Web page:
Genetic engineering can be used in different ways and with different purposes. Genetically modified organisms in agriculture and food production is at the same time widely debated. On the one hand genetic engineering is considered to have potential to contribute positively to the food system and the current restrictive regulations is considered to constrain its development, by many in the scientific society6. The United Nations Food and Agriculture Organization (FAO) however states that GMOs are not a solution to the world’s hunger problems7. Currently, GMOs in agriculture exist mainly as pesticide and herbicide resistant crops8 which are cultivate in large scale and commonly in monocultures9.
More than 90 percent of the cultivated area of soy in Brazil is cultivated with herbicide resitant crops, maily glyphosate tolerant ones10. Glyphosate-tolerant soy makes it possible to spray the crop during the whole growing phase, which is not possible in non-tolerant crops. This increases the use of glyphosate and the risk of residues in harvested GMO-soy. Official statistics show that the use of glyphosate, but also paraquat, 2,4-D, diuron and clomazone has increased considerably during the last years11. Other active ingredients than glyphosate are needed in order to combat weeds that have become resistent to glyphosate. Paraquat has also come to substitute glyphosate in order to wither the crop just before harvesting, since glyphosate can not be used for this purpouse in a glyphosate-tolerant crop 12. Paraquat as an active ingredient is prohibited within the EU. The approval of glyphosate in EU is currently reconsidered. In the re-examination of the approval the substance effect on biodiversity will be considered by Sweden among other EU member states. Current knowledge is maily regarding effects on the quantity of flowering plants in the agricultural landscape, but also more structural changes such as decreased diversity in crop-rotation and impoverishment of genetical resoourses are important for biodiversity. The latter problem för biodiversity is particularly prominent in the glyphosate-tolerant soy cultivation in Brasil13.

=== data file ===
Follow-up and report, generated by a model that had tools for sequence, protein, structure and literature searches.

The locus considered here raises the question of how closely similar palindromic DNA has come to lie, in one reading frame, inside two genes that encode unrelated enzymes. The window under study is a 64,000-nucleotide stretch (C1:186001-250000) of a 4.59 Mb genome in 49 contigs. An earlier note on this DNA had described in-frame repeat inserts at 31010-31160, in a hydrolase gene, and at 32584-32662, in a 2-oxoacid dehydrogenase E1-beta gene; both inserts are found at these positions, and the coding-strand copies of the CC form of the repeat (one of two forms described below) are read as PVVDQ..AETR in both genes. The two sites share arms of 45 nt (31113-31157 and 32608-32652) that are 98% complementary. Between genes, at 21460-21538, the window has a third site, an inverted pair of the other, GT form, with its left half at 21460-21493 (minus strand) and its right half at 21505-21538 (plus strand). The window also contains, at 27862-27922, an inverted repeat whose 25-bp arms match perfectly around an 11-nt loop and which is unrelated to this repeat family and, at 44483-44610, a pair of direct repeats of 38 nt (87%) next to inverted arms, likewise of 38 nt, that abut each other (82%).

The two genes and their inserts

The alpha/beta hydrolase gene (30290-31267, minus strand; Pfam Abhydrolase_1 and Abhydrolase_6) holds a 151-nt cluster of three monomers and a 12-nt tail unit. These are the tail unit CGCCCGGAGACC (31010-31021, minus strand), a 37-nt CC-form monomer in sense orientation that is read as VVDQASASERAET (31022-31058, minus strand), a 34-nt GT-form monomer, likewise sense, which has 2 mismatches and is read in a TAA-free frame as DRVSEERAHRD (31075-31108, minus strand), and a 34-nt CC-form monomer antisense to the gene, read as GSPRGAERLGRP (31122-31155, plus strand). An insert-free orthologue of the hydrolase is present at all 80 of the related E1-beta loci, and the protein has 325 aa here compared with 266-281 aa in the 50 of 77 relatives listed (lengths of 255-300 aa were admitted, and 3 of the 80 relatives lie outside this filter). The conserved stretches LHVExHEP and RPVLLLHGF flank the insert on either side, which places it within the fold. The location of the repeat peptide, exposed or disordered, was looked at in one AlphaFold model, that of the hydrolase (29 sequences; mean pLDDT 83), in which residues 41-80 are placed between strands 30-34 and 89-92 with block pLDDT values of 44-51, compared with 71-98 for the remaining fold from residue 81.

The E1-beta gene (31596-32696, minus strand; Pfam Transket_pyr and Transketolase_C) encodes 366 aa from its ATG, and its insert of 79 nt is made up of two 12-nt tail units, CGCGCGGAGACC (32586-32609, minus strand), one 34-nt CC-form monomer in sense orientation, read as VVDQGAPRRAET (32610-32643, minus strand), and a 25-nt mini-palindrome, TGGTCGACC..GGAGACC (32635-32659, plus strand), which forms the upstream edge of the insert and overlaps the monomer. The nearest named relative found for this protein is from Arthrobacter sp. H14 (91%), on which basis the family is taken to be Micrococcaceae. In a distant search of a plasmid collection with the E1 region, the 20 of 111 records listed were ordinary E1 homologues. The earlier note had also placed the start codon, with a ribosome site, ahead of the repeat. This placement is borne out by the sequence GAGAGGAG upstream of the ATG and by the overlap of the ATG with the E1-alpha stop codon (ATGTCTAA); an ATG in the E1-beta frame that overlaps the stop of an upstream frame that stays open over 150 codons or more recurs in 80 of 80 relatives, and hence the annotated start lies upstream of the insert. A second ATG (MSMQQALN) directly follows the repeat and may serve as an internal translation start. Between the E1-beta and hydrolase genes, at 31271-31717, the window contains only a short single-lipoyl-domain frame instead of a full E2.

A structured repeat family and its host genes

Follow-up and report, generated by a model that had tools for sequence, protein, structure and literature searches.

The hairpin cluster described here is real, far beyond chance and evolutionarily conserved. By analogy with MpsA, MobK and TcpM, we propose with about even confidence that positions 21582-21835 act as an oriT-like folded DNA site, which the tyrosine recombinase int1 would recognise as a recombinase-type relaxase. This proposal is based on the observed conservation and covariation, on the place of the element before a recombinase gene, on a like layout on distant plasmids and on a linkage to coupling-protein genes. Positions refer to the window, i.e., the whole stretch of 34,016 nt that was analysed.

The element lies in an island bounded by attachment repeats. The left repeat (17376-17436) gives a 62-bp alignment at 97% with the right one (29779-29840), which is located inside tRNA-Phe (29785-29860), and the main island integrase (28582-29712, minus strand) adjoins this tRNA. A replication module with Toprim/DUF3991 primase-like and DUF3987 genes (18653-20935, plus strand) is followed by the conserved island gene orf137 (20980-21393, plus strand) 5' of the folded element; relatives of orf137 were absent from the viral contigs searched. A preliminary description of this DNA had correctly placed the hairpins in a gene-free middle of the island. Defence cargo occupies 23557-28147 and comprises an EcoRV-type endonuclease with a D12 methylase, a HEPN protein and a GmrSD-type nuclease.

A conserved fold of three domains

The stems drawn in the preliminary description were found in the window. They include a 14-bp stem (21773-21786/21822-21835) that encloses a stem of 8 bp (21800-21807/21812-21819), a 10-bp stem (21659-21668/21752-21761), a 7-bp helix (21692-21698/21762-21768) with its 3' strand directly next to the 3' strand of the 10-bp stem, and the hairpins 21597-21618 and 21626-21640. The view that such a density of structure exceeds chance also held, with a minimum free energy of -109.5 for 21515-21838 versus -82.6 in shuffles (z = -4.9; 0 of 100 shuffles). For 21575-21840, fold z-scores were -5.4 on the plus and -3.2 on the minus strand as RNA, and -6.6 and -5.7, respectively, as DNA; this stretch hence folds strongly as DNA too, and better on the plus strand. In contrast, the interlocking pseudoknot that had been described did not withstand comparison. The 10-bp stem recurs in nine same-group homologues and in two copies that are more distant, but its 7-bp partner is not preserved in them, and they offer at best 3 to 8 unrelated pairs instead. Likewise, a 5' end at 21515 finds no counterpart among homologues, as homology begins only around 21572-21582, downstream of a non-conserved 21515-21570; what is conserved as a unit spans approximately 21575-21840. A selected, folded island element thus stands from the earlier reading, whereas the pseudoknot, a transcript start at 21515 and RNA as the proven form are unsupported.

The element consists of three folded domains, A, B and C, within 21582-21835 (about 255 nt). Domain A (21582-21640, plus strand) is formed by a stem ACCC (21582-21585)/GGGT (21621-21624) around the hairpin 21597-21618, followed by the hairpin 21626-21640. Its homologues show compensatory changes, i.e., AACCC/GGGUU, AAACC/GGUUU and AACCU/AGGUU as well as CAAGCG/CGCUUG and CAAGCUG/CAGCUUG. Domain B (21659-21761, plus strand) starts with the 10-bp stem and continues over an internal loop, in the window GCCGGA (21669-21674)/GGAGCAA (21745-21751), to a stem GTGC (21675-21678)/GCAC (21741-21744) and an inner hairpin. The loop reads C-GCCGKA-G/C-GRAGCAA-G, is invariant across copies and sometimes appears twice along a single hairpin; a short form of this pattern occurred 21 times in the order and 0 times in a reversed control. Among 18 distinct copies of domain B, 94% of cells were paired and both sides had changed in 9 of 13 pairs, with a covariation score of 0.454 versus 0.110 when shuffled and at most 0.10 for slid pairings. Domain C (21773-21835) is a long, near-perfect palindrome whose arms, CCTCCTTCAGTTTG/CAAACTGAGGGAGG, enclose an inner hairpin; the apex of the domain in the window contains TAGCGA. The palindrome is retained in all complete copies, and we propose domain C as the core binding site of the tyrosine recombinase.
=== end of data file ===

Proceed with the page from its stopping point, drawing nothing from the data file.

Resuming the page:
Some scientists claim that more research is needed to determine the long-term and joint effects of GMOs on sustainable development14. This doesn’t prevent the possibility that a future sustainable food system could contain crops produced using genetic engineering.
Since 2015 it is possible for individual member states in the EU to restrict or prohibit cultivation of GMO-crops, this has been done in for example France, Germany and Austria15. The national prohibitions does not apply to importation of food or animal feed. According to the Norwegian law on genetic engineering, cultivation and imports of genetically modified organisms must only be allowed if it is expected to contribute positively to sustainable development and benefit the society. There are no approved GMOs on the Norwegian market, no animal feed, nor seeds or food products16 In Sweden, there is no prohibition but no cultivation for commercial purposes exists17.
In Swedish agriculture, there is a voluntary agreement between the Swedish feed industry, industry organisations and food producers, in which the feed companies only supply feed without GMO to the producers and also require compliance from their suppliers18. Swedish slaughterhouses also require that producers assure that feed given to animals does not contain GMO. 19 A similar agreement exists within Finnish milk production20.
Several environmental organisations advocate a precautionary principle regarding GMOs, and emphasise that the opportunity for market participants to provide consumers with GMO-free alternatives should be maintained 21 and that many certification systems, both organic and conventional production, forbid the use of GMOs in feed22.
2 Since 2015, it has been possible for individual member states to limit or prohibit the cultivation of GMO crops.
13 Kemikalieinspektionen, personal message, 2020
The version date indicates when the sustainability criterion was created or last updated. Last reviewed dated tells when we last checked that the sustainability criterion still is relevant.
- Current ID
- Version date
2020-03-25: Changed name from GMO-free feed. Also changed from "free from" to without content in the text. Added "ohne gentechnik" in verification. 2016-12-19: Changed type from award criterion to technical specification